3. Neglected Complaints
The Timing: – Perhaps the biggest controversy (physically and chiefly) was Engaged’s giant poster. Told that they’d violated campaign rules by putting it up after 5 p.m. on Saturday, Niazi promised to take it down as soon as he could assemble the manpower. When he was unable to comply in time, Engaged was penalized with a two-and-a-half-hour suspension from campaigning.
Additionally, Engaged found UVoice fliers on their unmanned tables. But UVoice also had their materials tampered with and had many posters that went missing.
According to Merrill, the custodian in charge of the Student Center on Saturdays, there were people hanging posters after 5 p.m. He couldn’t say for sure but admitted seeing enough volunteers to suggest that neither team had left the building yet.
Because of this and the kiosks, Engaged sought redress from the Committee. Niazi briefly lost his temper with Joseph Watkins.
THE RULES: The only place the 5 p.m. “rule” is officially articulated is on the schedule, where it reads “From 8 a.m.-5 p.m.: Begin Hanging Campaign Publicity.” Not only is this not listed under the “Campaign Rules,” but it also, technically, doesn’t prohibit a team from starting at 4:59 p.m. Neither does it imply that those hours are the only times allowed to place publicity.
A Repeating Cycle
Steve Anderson is currently the Student Advocate for the Utah Student Association.
Last year, he ran for student body president. Anderson told me that there had been concerns with public spaces and complaints as well. He recalled that resources were not a problem; in fact, both teams had worked in the Education and Gunther Trades buildings. However, he recalled that his team had filed a grievance against Watkins for hanging posters after 5 p.m. (When Watkins didn’t comply in time, there was a suspension to his campaign).
Some Ideas For the Big Guys
– Teams shouldn’t be permitted to do with campus space what departments and clubs themselves are not; get more billboards or else crack down on their current use. They’ve become, for the most part, giant hallway white noise.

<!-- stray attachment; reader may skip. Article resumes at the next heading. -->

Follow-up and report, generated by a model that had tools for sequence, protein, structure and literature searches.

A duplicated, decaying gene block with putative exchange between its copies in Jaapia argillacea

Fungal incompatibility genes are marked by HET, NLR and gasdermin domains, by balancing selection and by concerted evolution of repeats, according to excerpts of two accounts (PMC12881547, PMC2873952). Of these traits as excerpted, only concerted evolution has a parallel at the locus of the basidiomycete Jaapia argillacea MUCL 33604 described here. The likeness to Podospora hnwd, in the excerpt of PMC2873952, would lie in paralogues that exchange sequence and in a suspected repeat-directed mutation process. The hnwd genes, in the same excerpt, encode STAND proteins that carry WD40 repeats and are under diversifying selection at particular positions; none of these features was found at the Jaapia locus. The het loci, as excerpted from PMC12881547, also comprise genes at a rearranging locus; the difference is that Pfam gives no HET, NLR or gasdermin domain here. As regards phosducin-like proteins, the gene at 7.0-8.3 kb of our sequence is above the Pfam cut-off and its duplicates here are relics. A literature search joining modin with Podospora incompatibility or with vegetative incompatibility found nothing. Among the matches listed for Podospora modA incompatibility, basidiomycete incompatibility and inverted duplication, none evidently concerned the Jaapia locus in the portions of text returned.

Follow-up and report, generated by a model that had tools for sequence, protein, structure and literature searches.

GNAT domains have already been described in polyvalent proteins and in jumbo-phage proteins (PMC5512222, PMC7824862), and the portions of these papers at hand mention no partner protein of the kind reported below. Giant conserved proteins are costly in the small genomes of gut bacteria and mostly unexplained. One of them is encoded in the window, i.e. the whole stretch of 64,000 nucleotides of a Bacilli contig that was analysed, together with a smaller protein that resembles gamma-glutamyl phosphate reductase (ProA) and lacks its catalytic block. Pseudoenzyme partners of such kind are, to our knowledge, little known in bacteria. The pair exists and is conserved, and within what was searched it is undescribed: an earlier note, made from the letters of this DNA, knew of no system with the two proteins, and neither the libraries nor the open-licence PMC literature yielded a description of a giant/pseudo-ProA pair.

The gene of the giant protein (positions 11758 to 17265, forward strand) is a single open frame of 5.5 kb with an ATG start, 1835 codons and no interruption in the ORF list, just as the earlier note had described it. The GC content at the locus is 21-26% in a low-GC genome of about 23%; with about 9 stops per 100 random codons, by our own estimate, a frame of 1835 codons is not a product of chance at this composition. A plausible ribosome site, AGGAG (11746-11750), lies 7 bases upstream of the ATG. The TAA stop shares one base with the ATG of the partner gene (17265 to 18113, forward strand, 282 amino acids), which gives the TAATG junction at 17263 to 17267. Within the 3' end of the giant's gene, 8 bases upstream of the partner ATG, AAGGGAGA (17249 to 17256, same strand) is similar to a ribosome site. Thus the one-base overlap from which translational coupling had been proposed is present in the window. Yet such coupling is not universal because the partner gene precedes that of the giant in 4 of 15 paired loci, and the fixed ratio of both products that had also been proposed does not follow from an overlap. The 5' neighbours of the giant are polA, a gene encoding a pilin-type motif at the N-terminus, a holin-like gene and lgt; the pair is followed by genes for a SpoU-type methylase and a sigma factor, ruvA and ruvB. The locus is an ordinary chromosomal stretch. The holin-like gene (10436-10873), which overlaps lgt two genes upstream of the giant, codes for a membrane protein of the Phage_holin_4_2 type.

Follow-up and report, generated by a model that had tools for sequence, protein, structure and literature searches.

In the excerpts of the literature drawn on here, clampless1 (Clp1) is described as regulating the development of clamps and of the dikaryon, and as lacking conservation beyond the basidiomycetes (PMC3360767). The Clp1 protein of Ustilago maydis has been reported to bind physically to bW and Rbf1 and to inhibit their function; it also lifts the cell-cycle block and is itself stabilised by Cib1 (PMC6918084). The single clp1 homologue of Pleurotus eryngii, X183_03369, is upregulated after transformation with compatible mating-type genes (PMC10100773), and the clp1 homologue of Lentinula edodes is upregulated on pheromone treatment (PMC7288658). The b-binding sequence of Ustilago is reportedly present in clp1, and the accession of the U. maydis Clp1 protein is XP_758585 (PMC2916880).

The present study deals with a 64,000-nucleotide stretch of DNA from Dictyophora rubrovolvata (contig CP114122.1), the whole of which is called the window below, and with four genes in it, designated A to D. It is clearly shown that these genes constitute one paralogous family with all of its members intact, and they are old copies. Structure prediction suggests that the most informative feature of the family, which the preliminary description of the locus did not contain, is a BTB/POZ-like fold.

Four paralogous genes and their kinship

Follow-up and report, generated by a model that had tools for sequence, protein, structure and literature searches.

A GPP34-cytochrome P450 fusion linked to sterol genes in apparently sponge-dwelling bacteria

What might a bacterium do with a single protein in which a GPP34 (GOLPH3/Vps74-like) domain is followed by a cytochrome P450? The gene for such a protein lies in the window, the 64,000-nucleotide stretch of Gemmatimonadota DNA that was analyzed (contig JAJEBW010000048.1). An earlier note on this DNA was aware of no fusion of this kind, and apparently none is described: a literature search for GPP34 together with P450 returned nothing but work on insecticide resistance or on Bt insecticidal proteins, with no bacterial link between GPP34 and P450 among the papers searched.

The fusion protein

– The 5 p.m. rule must no longer be “what they did last year.” Either leave it as a mere scheduling guideline and treat it thusly or incorporate it into the actual rules section, specifically defined.
– Departmental involvement must either be encouraged or dissuaded altogether. Middle ground is nice, but it might – and has – lead to serious conflict.
– ALL grievances must be recorded and addressed, not just a select few.
– Students ought to have a say on how the Election Committee is kept in check.
– The rules should be made publicly available, more than just at the tables. It’s concerning when not even the student press can obtain them from the student body president.
As Kingman says, student elections reflect practical democracy outside UVU in the “real” world. It’s bigger than in high school; Trevor Tooke has the power to affect your major and your wallet as president. The rules can’t be vague enough to put this power in the lazy hands of mere favoritism and redundant tradition.
Tooke will, no doubt, be a great president. Both teams made mistakes. The real challenge is addressing the current defects in the system to prevent future mistakes in the next election, and those to come after that.